“The exposure of ingenious fraud Han Han will be the biggest scandal of the Chinese literary world,” said Tsingua University professor Xiao Ying, writing in the state-controlled China Youth Daily.
“The Continent” is a contemporary aspirational tale structured as a road movie featuring two young men form eastern China. Released at the end of July it has grossed $100.1 million in 25 at the box office, making it one of the biggest Chinese films of the year.
Xiao accused Han Han of using ghost writers to produce the screenplay. And he itemized a list of Hollywood and Chinese movies including “Thelma & Louise,” “Easy Rider” and “Love Is Not Blind” that it ripped off.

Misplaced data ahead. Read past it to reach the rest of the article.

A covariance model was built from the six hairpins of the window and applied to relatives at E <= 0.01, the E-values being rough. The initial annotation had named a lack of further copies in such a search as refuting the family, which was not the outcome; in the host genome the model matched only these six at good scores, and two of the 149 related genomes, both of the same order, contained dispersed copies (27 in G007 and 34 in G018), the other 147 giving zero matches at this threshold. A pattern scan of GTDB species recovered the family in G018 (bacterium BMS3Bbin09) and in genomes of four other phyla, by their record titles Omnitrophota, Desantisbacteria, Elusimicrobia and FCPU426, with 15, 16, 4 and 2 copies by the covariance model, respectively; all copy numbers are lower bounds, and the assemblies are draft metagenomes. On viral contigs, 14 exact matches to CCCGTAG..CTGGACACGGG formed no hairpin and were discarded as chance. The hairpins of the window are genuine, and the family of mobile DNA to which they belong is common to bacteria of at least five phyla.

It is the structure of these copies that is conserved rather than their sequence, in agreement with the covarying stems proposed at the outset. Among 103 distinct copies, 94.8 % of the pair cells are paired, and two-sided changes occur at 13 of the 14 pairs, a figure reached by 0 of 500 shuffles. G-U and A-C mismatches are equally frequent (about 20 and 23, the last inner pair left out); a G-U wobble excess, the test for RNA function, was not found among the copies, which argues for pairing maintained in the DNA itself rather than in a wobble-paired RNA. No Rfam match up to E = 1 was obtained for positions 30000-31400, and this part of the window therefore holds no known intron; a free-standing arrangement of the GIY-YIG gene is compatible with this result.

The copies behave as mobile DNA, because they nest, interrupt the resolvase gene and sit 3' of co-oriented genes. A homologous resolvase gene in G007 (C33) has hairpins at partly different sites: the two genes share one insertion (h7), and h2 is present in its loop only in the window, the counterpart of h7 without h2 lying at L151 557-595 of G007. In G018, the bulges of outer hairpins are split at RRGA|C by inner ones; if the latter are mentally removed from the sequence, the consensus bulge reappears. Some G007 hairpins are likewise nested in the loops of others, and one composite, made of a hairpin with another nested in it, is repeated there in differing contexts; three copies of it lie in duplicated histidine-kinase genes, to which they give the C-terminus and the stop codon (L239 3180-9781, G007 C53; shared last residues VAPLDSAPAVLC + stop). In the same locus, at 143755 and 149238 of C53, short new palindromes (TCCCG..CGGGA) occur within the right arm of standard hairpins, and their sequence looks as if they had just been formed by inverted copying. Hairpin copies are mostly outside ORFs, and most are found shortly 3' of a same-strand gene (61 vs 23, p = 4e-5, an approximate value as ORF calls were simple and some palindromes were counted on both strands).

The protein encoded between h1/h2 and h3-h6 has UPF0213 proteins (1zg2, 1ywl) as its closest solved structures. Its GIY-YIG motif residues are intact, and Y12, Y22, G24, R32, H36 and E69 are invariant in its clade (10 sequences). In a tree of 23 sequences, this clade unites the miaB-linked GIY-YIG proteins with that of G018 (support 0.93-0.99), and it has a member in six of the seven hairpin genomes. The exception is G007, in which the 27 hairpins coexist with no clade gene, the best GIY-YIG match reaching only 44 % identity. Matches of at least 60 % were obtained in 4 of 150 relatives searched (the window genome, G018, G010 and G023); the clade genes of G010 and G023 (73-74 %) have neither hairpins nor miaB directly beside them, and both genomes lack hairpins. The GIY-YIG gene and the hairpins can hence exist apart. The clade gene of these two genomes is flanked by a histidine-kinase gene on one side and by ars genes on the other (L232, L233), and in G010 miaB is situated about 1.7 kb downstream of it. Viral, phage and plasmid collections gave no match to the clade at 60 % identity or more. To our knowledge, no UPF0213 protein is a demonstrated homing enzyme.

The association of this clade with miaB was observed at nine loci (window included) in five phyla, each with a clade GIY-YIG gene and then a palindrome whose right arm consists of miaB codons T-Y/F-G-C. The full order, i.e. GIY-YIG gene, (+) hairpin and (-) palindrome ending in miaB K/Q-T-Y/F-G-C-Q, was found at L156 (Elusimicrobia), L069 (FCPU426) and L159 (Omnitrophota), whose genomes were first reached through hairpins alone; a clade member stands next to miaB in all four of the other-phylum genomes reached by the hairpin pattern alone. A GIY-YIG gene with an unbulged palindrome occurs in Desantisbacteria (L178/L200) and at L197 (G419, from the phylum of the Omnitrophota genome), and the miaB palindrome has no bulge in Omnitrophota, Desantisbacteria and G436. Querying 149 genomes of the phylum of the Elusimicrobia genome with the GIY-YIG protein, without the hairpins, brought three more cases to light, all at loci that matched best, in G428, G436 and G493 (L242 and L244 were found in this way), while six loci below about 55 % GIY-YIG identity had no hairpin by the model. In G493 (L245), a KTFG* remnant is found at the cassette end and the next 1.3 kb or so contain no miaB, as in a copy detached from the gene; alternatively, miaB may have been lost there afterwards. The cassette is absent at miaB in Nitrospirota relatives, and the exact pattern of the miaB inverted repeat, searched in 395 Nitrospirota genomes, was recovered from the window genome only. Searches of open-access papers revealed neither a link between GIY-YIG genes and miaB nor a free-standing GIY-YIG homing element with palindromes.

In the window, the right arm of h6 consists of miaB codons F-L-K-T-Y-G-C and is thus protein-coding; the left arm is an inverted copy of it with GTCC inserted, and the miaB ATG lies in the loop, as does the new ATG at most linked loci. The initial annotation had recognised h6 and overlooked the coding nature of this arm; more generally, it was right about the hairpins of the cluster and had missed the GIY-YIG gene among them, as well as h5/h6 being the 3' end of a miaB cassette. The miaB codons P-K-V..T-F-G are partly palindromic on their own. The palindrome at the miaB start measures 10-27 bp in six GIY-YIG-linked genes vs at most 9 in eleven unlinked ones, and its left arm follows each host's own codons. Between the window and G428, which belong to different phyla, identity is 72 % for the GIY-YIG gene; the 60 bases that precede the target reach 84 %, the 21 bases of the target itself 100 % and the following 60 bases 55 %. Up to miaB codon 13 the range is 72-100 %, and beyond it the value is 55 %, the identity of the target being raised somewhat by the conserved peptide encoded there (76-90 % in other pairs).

Xiao described Han Han as “fuelling media hype of vulgar entertainment” and peddling “a brand name of anti-intellectualism that has poisoned Chinese culture and must be cleansed.”
His accusations have sparked a wave of Internet and social media debate. Han Han, who in 15 years of blogging has appeared as a voice of China’s youth, sometimes pro-reform, other times anti-revolutionary, has some 40 million followers online.
Other reviewers have suggested that the film borrows too heavily from the canon of Jia Zhangke with references and plot structures derived from “The World,” “Still Life,” “Unknown Pleasures” and the still unreleased “A Touch of Sin.”
However, the China Youth Daily later also published another story which described Xiao’s accusations as “groundless” and “possibly libellous.”